Diplomat Pharmacy (NYSE:DPLO) lost some contracts and gained some others, which netted out to slightly higher revenue in the second quarter. Operating income and earnings weren't nearly as flat, but that was because of higher acquisition-associated costs.

Diplomat Pharmacy results: The raw numbers


Q2 2017

Q2 2016

Year-Over-Year Change


$1.13 billion

$1.09 billion


Income from operations

$4.84 million

$13.85 million


Earnings per share




Data source: Diplomat Pharmacy.

What happened with Diplomat Pharmacy this quarter?

  • Revenue was bumped up $83 million from recently made acquisitions, $63 million because of manufacturer price increases, and $32 million from contracts that were new in this past year. Most of that was offset by previously mentioned contracts that were not renewed in 2017, as well as hepatitis C drug sales that continued to decline. Hep C drugs are down to 7% of revenue and appear to be stabilizing, but will still hurt the comparisons through the second half of 2017.
  • Much of the growth came from cancer drugs, which increased 25% year over year, and infusion, which grew 20% year over year. Some of that growth came from recent acquisitions, but even backing that out, the categories organically grew 15% and 12%, respectively.
  • Gross margins were down, but that's mostly because the company's selling more drugs that are expensive, and therefore have lower gross margins. Gross profit in dollars per script increased to $371 from $339 in the year-ago quarter.
  • Backing out the aforementioned acquisition-related costs, adjusted earnings were up slightly from $0.23 per share in the year-ago quarter to $0.25 per share in the second quarter.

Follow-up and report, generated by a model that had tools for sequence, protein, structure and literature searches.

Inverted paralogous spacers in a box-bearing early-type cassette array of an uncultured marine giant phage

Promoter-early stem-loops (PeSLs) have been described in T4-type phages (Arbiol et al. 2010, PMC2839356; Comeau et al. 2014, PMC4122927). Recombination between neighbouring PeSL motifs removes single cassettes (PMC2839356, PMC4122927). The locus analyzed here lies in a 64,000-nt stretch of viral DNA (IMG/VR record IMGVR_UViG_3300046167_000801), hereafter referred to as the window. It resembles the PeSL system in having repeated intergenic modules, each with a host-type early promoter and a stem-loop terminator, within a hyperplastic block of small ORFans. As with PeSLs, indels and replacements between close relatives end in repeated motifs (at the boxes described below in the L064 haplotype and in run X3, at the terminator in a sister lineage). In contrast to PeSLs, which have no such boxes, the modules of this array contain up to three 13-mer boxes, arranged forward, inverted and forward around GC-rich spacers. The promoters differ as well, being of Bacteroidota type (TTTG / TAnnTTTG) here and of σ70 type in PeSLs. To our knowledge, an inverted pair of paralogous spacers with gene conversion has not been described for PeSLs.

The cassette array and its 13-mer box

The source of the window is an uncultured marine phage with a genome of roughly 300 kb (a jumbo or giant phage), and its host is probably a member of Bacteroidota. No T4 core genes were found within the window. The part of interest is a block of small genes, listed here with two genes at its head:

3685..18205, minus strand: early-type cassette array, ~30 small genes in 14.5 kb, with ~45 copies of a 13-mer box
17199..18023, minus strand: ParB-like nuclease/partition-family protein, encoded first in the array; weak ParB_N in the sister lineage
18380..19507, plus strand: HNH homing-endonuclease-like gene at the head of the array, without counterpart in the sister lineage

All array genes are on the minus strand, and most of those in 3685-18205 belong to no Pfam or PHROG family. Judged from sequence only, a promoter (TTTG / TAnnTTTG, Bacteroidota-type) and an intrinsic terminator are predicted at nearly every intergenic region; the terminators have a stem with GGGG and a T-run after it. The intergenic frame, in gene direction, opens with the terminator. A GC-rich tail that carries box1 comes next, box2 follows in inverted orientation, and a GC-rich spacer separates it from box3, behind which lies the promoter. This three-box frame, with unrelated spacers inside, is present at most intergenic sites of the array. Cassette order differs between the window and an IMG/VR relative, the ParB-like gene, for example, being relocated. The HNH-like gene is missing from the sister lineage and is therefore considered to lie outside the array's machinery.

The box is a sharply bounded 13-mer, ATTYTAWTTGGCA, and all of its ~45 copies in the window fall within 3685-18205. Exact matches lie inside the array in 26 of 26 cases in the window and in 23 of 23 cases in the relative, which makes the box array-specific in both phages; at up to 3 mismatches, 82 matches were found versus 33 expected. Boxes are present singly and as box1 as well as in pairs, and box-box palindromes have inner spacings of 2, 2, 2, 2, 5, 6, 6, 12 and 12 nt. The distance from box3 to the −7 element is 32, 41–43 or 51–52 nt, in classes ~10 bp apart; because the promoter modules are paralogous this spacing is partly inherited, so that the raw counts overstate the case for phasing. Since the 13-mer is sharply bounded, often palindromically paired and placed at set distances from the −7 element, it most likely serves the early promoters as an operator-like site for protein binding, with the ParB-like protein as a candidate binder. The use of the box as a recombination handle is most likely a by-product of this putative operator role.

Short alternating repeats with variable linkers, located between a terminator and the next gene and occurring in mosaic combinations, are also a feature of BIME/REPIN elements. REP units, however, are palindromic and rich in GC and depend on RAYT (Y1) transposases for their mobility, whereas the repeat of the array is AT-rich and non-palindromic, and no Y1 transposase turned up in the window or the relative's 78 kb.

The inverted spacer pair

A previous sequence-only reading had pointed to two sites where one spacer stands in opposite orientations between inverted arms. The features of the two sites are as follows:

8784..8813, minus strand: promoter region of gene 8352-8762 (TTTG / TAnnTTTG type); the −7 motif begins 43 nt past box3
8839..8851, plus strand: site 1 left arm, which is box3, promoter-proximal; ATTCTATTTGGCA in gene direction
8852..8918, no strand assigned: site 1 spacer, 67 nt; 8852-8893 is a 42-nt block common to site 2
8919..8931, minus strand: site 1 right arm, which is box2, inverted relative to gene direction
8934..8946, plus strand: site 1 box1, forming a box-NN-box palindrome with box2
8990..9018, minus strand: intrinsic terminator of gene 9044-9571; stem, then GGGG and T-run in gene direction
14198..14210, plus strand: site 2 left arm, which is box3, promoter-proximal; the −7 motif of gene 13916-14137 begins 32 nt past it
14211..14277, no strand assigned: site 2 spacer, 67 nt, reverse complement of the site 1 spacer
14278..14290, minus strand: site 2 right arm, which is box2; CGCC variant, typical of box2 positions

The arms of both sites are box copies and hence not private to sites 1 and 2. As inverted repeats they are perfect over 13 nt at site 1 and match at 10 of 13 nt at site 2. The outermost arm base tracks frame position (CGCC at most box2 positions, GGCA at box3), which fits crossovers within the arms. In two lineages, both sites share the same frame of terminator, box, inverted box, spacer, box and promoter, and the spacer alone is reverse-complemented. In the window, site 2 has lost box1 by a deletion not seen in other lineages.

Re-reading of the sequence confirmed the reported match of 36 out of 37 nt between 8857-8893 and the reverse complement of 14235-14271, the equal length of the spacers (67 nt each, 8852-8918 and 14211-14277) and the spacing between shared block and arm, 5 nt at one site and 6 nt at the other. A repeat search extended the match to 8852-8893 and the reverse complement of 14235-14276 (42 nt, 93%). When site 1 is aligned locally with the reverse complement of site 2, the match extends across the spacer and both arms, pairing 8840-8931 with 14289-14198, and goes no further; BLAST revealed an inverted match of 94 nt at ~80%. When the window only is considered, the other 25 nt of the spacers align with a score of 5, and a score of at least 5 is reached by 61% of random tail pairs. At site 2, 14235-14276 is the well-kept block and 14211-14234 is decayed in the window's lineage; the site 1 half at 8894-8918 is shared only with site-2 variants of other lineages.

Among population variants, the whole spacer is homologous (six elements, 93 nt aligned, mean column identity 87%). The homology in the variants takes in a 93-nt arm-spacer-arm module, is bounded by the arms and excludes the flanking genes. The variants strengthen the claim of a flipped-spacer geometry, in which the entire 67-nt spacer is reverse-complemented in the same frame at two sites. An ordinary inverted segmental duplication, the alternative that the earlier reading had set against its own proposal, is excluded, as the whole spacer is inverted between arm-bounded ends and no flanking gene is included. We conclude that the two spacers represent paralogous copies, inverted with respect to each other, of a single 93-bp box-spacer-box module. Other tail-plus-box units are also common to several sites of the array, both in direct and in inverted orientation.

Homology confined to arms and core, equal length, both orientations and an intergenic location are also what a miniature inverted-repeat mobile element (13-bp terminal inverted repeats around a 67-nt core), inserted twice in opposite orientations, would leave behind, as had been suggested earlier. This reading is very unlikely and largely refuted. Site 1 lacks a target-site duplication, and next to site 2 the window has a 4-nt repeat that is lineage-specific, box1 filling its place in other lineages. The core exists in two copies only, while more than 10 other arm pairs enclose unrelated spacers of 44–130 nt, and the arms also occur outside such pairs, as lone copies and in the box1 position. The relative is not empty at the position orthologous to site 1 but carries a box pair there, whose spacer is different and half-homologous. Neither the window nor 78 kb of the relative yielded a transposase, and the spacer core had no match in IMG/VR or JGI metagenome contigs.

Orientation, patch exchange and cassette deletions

• Diplomat added nine new drugs to its offering, including five that are limited distribution. For one of those limited distribution drugs, Cycle Pharmaceuticals' Nityr, Diplomat will be the sole source.
  • After the quarter closed, Diplomat acquired Accurate Rx, a specialty pharmacy focusing on infusion services, which should further drive revenue in the infusion category.
Nurse preparing a patient for an infusion

Image source: Getty Images.

What management had to say 

Philip Hagerman, Diplomat's chairman and CEO, pointed out that it's becoming easier for the company to win contracts for cancer drugs as it grows the segment:

Based on the strength of the oncology drug pipeline, our ability to continue to win access to limited distribution drugs and the new indications that expand the potential patient population for existing drugs, we expect the momentum in this therapeutic category to persist and continue to be a substantial growth driver for Diplomat moving forward.

The recent acquisition of WRB Communications, which brought in medical information services, remote patient monitoring, sales, and customer-care capabilities for its drugmaker clients, has also helped generate new business according to Hagerman:

It is important to note that we believe Diplomat won this new business in part because we were able to present a dramatically enhanced profile to the marketplace due to our acquisition of WRB. We don't believe either company could have won these mandates on their own.

Looking forward

Management lopped off $100 million from the top of its revenue guidance and now expects revenue between $4.3 billion and $4.6 billion versus the previous range of $4.3 billion to $4.7 billion. Nevertheless, new business at a higher margin will result in more growth of the bottom line, with adjusted earnings per share expected to come in between $0.71 and $0.79, up substantially from a previous range of $0.54 and $0.70.

Looking into 2018, management wasn't willing to give firm numbers, but Diplomat's new CFO Atul Kavthekar said the company anticipates a "return to top-line growth next year."

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